So in the case of q > 2, we will store all the powers of the numbers p, Note that these powers are not much, they can be at
most (10 6 log(10 6 ))
which will easily fit in the memory (Proof of this is left for readers as homework).

So we will first check whether q <= 2 or not. If yes, then we can directly compute the answer using the previous observations.
Otherwise we will do a binary search of p over values from 1 to 10 6 .

Note that we need O(1) computation for computing the powers of numbers below 10 6 as they are already stored in the pre-computation
step mentioned above.

Note the following important point.

If you have to check whether a * b <= x or not, where a, b and x all fit in long long.
Then we can not directly check it by doing if (a * b <= x), because a * b will not fit in long long and will overflow,
which will make our calculations erroneous.

Instead we can check the above condition in the slightly modified way, ie. if (a <= x / b). In this way both a and x / b will fit in long long and
wont overflow. You should pick up this trick and it will be really helpful in programming contests.

Complexity:
O(log(10 6 ) * 60) per query.

### AUTHOR’S AND TESTER’S SOLUTIONS:

16 Likes

Can any one give some corner test cases. I have checked my code(logic is similar to above one, this is in C) with the bruteforce(this is in python ) with many cases.Both the outputs matches for all the cases.I could not understand where my code fails.Any one please help to debug

http://www.codechef.com/viewsolution/4095014

It is possible to calculate root using C++ std::pow() with taking care of precision errors.

5 Likes

did’t know that pow func can give wrong results. caused me multiple wa and several days of headache and still no ac.
I think it should have been mentioned in the problem that pow func causes precision errors.

2 Likes

Newton’s method should be faster than binary search as it gives quadratic convergence as opposed to linear convergence. Can anyone tell, why do I get a TLE then? http://www.codechef.com/viewsolution/4106068

Instead of pre-computing the roots I calculated them on the go. I knew by running 10^18 as a query on the sample test case that there were precision problems with simply using pow() and trying out the nth root algorithm with an initial guess of 1 made it time out. So I ended up finding a fine balance between the two by first calculating an approximate root using pow() and then plugged that into the nth root method as my initial guess, let it run once, and then use that as my nth root.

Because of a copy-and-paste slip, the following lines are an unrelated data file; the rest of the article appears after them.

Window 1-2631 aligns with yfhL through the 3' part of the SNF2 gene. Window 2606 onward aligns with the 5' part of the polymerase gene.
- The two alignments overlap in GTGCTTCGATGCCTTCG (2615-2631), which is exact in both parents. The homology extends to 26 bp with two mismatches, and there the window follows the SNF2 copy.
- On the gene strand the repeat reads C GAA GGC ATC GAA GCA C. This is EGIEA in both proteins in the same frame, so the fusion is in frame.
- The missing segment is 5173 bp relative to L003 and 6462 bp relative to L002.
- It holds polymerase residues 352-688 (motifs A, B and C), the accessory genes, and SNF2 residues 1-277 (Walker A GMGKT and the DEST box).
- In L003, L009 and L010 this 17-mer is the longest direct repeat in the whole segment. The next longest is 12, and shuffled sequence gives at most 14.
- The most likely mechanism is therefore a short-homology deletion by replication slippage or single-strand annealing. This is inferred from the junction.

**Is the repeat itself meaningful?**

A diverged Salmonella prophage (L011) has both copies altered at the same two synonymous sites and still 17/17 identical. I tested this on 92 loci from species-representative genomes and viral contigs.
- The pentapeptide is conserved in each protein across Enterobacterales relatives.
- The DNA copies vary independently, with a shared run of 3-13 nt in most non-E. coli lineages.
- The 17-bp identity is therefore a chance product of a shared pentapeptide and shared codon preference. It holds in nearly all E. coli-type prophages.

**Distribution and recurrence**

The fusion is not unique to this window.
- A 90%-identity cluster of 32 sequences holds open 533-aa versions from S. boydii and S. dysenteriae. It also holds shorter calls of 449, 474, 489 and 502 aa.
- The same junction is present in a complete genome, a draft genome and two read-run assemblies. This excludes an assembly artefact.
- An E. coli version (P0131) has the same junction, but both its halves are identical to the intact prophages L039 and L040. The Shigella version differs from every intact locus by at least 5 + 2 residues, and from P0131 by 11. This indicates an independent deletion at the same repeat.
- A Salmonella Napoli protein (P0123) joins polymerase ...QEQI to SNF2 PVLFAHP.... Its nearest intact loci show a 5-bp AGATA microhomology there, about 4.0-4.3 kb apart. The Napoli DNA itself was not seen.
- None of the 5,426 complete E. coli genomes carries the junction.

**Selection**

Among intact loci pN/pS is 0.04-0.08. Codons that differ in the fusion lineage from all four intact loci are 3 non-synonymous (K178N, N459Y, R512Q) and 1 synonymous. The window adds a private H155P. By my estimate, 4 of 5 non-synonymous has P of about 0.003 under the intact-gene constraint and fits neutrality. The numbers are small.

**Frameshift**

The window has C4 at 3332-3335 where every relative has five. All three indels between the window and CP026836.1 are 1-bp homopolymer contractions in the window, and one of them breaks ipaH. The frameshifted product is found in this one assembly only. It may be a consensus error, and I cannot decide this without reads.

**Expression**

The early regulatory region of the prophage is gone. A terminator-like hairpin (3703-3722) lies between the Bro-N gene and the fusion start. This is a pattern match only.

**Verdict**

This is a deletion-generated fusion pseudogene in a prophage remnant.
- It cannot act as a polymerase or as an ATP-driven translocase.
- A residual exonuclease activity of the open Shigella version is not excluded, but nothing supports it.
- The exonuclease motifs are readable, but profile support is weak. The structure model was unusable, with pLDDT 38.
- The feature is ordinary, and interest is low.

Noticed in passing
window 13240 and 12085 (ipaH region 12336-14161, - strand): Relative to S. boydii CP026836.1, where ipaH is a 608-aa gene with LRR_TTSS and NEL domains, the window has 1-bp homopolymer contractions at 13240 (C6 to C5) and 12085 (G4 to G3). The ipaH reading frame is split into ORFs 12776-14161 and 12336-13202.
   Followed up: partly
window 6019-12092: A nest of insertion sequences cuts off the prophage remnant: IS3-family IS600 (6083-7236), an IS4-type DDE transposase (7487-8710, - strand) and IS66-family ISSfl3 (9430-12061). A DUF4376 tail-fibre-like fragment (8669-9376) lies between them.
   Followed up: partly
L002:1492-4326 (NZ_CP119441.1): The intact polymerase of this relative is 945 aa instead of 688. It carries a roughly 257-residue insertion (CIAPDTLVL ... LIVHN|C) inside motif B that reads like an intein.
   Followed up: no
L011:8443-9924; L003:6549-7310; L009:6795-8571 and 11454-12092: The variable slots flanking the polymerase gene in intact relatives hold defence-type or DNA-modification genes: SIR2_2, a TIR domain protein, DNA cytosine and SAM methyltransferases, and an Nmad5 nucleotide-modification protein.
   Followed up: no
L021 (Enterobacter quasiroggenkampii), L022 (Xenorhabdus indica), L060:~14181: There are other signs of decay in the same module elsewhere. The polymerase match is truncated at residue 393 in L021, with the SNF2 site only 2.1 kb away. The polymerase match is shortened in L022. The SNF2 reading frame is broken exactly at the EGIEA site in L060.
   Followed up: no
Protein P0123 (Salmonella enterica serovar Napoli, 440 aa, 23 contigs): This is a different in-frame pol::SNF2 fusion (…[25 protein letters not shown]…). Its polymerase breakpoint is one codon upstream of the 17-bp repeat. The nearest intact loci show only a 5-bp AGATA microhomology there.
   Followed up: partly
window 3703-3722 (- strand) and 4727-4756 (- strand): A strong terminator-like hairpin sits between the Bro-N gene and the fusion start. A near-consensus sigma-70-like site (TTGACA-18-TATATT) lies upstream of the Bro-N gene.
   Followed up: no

Granted, its not the fastest method but I just thought I should mention it.

4 Likes

I am not happy with my performance. 7 Likes

can anyone provide some corner test cases. I used binary search with previous (n-1th) root as initial guess. getting WA. please help to debug

http://www.codechef.com/viewsolution/4092148

Exactly the same method Did everything almost the same but then too tle…plz help

http://www.codechef.com/viewsolution/4107738

PLZZ SUGGEST ANY WAYS TO REMOVE TLE IN FUNC…

Can somebody please explain why is This Solution giving WA, while this solution is giving AC.

I couldn’t find any single test case for which my code give wrong ans…please tell me the error in code.

http://www.codechef.com/viewsolution/4100796

There is one more way to do this question, view my accepted solution. Using pow() function and using fast exponent method to find a^b, where a and b are integers. http://www.codechef.com/viewsolution/4077616.

A few doubts:

1. computing pow(x,i/i) while traversing over the array upto 61 indices. Would it be costly for each query?
2. What you are saying is it that we should compute 1…to…10^6 raised to power 3…to…60, and then as per x and i(used for iteration and determining the i/i th power) search for a p(1…10^6) and look for the value closest to that of x(less than or equal to)
3. Had there been more limitation on space, would calculating upto upto x^5(as we did the sqrt(x) in current solution) we could have done it in space of 10^3 and 6-60?

if the statements are a bit confusing i will restate them.

When we need to find that whether p^q<=x.Can we not do it in O(1) by finding whether q*LOG§<=LOG(x).

Can anyone please debug my solution : https://www.codechef.com/viewsolution/9714771

nth root can be calculated by using following formula

fun(ll x, ll n) {

return pow(10,double(log10(x)/n));

}
it gives ac to my solution

1
3 1
4 5 6
1000000